An analysis of polymer type and chain length for use as a biological composite graft extender in impaction bone grafting: a mechanical and biocompatibility study
Tayton, Edward, Fahmy, Sherif, Purcell, Matthew, Aarvold, Alexander, Smith, James O., Kalra, Spandan, Briscoe, Adam, Lanham, Stuart, Howdle, Steven, Shakesheff, Kevin, Dunlop, Douglas G. and Oreffo, Richard O.C. (2012) An analysis of polymer type and chain length for use as a biological composite graft extender in impaction bone grafting: a mechanical and biocompatibility study. Journal of Biomedical Materials Research Part A, 100, (12), 3211-3219. (doi:10.1002/jbm.a.34264). (PMID:22707404).
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Impaction bone grafting (IBG) with human allograft remains the preferred approach for replacement of lost bone stock during revision hip surgery. Associated problems include cost, disease transmission, and stem subsidence. Synthetic grafts are therefore appealing, and ideally display similar mechanical characteristics as allograft, but with enhanced ability to form de novo bone. High and low molecular weight forms of three different polymers [poly(DL-lactide) (P(DL) LA), poly(DL-lactide-co-glycolide) (P(DL) LGA), and poly(?-caprolactone) (PCL)] were milled, impacted into discs, and then examined in a shear testing rig, in comparison to allograft. In addition, skeletal stem cells (SSCs) were combined with each of the milled polymers, followed by impaction and examination for cell viability and number, via fluorostaining and biochemical assays. The shear strengths of high/low mwt P(DL) LA, and high/low mwt P(DL) LGA were significantly higher than allograft (p < 0.01). High/low mwt PCL had significantly lower shear strengths (p < 0.01). WST-1 assay and fluorstaining indicated significantly increased cell viability on high mwt P(DL) LA and high mwt P(DL) LGA over allograft (p < 0.05). Mechanical and biochemical analysis indicated improved properties of high mwt P(DL) LA and high mwt P(DL) LGA over allograft. This study indicates the potential of these polymers for use as substitute human allograft, creating a living composition with SSC for application in IBG.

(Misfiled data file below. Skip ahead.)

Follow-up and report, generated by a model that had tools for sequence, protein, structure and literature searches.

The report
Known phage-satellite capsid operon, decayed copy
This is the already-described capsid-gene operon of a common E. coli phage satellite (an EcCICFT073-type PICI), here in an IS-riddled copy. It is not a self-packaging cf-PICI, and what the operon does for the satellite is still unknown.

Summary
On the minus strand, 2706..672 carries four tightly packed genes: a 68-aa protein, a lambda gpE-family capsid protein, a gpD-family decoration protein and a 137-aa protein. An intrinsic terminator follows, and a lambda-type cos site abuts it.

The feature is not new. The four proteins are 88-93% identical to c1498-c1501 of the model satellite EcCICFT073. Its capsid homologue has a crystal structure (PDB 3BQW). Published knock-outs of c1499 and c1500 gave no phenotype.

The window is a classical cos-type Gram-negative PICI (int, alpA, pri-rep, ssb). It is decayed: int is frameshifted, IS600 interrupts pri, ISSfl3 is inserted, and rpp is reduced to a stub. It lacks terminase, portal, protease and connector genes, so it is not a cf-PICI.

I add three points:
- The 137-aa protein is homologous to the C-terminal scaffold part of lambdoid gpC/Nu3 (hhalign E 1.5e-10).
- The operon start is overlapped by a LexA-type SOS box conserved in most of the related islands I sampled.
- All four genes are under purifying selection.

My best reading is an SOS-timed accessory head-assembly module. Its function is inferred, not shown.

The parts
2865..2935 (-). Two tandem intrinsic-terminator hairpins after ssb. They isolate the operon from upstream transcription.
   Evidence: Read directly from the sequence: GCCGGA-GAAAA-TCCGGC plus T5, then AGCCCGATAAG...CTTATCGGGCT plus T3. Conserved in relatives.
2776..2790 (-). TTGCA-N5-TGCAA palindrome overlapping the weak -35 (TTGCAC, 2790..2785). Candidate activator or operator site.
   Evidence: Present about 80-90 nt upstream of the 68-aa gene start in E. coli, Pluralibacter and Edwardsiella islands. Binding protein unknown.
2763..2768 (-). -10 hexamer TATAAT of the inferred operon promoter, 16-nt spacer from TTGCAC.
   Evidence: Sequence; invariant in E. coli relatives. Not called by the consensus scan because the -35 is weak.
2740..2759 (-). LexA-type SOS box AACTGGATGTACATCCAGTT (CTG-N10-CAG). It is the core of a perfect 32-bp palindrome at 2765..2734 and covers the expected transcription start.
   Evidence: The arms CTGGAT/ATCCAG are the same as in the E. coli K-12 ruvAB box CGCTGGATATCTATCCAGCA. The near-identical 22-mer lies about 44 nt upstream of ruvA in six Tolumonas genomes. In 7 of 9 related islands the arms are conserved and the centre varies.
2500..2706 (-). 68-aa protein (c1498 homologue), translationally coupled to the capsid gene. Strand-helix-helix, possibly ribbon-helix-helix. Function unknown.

|Digital Object Identifier (DOI):||doi:10.1002/jbm.a.34264|
|Keywords:||stem cells, polymer, scaffolds, impaction bone grafting, tissue engineering|
|Subjects:||Q Science > QM Human anatomy
Q Science > QP Physiology
R Medicine > RC Internal medicine
R Medicine > RD Surgery
|Divisions :||Faculty of Medicine > Human Development and Health
|Accepted Date and Publication Date:||
|Date Deposited:||03 Dec 2012 16:16|
|Last Modified:||31 Mar 2016 14:38|
Device for Enrichment of Skeletal Stem Cells for Orthopaedic Applications
Funded by: EPSRC (TS/G001650/1)
Led by: Richard Oreffo
1 March 2009 to 28 February 2011
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